How environmentally friendly are you? Try these tips to make a real difference.
We all know it makes sense to be environmentally friendly – but have you ever wondered how much you can really do?
According to data from the World Bank, 85% of the UK’s energy consumption since 2011 has come from burning fossil fuels, despite the national push to be kinder to our environment.
But by making small changes, we can improve our surroundings today, and leave a better climate for our children’s futures – try these five simple swaps to your everyday routine to do your bit.
1. Cut energy waste
By turning off appliances such as televisions or computers at the power supply when they aren’t in use, you won’t only reduce your electrical use, but you’ll save money too. So take a moment before bed to flick those switches instead of leaving them on standby.
If you commute to work or use the car to run the kids around, try using cruise control on roads where you can drive safely at a steady speed. With one button press you’ll stop the speed creep/brake cycle and control your fuel use – giving another all-important reduction in carbon emissions.
If you’d like to go further than a simple swap, look into generating your own energy at home. Installing technologies such as solar panels, wind turbines and ground source heat pumps can mean that you reduce your dependence on non-renewable energy and make the best use of the re-usable gifts from nature.
Making new glass means quarrying more material from the earth – with a massive impact on the environment. Unlike other materials, glass is 100% recyclable. So recycle objects from jam jars to drinks bottles and you’ll make a change that counts.
Putting your Sunday newspaper into the recycling bin at the end of the day means that it can be re-used rather than ending up in landfill. It may seem like a tiny adjustment, but if every reader recycled together, we could make a huge difference. We’ve all seen the size of those supplements...
It’s not just the planet you’ll save...
Committing to an environmentally-friendly lifestyle isn’t just good for the planet – it’s good for your finances too. Here’s what the Energy Saving Trust estimates you waste by leaving devices switched on unnecessarily around the house – and where you could save:
wireless router on standby – up to £21.92 per year
desktop printer on standby – up to £18.26 per year
satellite TV box on standby – up to £18.26 per year
tablet chargers plugged in – up to £12.18 per year
games console on standby – up to £12.18 per year
speaker on standby – up to £12.18 per year
lights left burning – up to £7 per year
plasma TV on standby – up to £4.87 per year
Total: £106.85 per year
3. Watch water
The age-old lesson has been tumbling from parent to child for decades, but you’d be amazed at how many people admit to letting the water run as they brush their teeth.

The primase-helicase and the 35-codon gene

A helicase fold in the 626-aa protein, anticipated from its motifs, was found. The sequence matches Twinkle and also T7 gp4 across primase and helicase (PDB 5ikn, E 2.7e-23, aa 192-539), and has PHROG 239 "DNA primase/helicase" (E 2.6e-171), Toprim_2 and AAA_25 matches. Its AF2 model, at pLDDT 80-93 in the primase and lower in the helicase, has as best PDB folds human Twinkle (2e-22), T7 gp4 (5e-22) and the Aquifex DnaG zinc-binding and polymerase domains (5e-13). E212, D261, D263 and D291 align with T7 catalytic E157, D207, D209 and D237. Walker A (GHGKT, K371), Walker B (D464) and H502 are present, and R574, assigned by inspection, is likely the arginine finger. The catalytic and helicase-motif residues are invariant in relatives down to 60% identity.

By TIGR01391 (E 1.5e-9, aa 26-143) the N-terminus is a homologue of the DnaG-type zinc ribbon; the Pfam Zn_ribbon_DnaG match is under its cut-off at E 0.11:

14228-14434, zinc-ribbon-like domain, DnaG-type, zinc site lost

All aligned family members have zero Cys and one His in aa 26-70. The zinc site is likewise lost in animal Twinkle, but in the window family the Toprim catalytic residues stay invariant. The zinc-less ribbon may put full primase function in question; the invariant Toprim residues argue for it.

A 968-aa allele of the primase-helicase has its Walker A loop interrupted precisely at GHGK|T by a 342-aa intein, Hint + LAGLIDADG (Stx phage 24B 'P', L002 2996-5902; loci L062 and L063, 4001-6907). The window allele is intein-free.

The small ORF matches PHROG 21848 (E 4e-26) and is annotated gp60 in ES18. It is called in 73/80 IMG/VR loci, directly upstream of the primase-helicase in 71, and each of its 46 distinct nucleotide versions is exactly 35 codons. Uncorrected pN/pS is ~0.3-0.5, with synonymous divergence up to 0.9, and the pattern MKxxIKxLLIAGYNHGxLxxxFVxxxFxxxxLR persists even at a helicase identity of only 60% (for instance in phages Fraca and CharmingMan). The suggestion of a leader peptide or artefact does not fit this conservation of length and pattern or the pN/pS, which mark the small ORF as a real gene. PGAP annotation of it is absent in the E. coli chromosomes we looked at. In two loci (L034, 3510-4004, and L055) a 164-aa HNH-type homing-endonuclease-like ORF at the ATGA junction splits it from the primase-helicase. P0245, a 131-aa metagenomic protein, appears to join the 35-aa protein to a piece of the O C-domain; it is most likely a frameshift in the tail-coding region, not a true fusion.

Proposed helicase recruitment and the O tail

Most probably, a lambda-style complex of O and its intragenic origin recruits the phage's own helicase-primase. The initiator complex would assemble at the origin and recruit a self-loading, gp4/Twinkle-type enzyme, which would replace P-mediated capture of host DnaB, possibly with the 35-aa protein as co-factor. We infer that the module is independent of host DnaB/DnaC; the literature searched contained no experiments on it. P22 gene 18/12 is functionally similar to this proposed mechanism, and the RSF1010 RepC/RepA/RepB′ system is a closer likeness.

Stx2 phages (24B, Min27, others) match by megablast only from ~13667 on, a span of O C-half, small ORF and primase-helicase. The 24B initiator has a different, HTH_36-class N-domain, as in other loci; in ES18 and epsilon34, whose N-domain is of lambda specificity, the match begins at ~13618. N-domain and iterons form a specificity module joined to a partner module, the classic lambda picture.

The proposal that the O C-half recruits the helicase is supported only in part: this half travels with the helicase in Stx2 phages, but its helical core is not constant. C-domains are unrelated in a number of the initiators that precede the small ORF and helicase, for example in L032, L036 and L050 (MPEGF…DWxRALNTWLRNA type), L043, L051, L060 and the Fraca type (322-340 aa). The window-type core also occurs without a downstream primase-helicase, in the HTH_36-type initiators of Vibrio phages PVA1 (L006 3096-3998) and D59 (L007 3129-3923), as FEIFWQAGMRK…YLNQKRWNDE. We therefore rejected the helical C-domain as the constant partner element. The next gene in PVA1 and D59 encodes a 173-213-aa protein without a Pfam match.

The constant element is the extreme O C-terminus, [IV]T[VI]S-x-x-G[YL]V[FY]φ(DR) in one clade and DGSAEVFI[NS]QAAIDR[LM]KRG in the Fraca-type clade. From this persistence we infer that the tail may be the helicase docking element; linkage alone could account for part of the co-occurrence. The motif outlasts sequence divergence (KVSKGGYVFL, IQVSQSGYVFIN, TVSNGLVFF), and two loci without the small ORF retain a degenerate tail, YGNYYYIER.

Brushing for three minutes, twice a day, while letting water escape down the plughole is a waste that we could all stop with a quick twist of the tap.
And it isn’t just about the water we use – it’s where we get it from too. By filling up your water bottle at the tap or buying a filtering jug, you’re helping the planet by cutting down on plastic bottled water that is often used and discarded over the very same day. This is also a great change if you’re counting the pennies...
4. Consider your food shop
In journalist Graham Hill’s Ted talk on the concept of ‘weekday vegetarianism’, he gives the shocking statistic that the supply chain providing us with meat causes more emissions than all methods of transportation combined. Now, there’s no need to cut out meat overnight, but by enjoying a meat-free dinner once or twice each week you could cut a sizeable chunk from your carbon footprint. Try looking out for protein packed meat substitutes or giving a delicious vegetarian recipe a go – it could help your wallet and your waistline, too.
As well as picking up less meat on your weekly shop, try to buy local produce. By visiting butchers, greengrocers and fishmongers, you’re supporting local businesses and cutting down emissions caused by transported food. If you’d rather keep your shopping under one roof, many supermarkets stock locally produced goods – keep your eye out for them next time.
5. Save trees: go paperless!
You can do almost anything on the internet, so why not deal with your household bills online too?
Sign up for paperless statements and you’ll reduce wasted paper (plus the fuss of going through piles of post.) Most banks and suppliers offer fantastic paperless services.
Tick off just a few of these tiny tweaks, and you can make a real difference. And just think of the collective impact to the environment if we all made them...
Whatever your plans are, our #makeaswitch campaign aims to both inspire and help you make those changes come to fruition. If you're looking to switch any of your finances, M&S Bank offer a range of products that may suit your needs, find out more here: current accounts, credit cards, loans, insurance, savings & investments.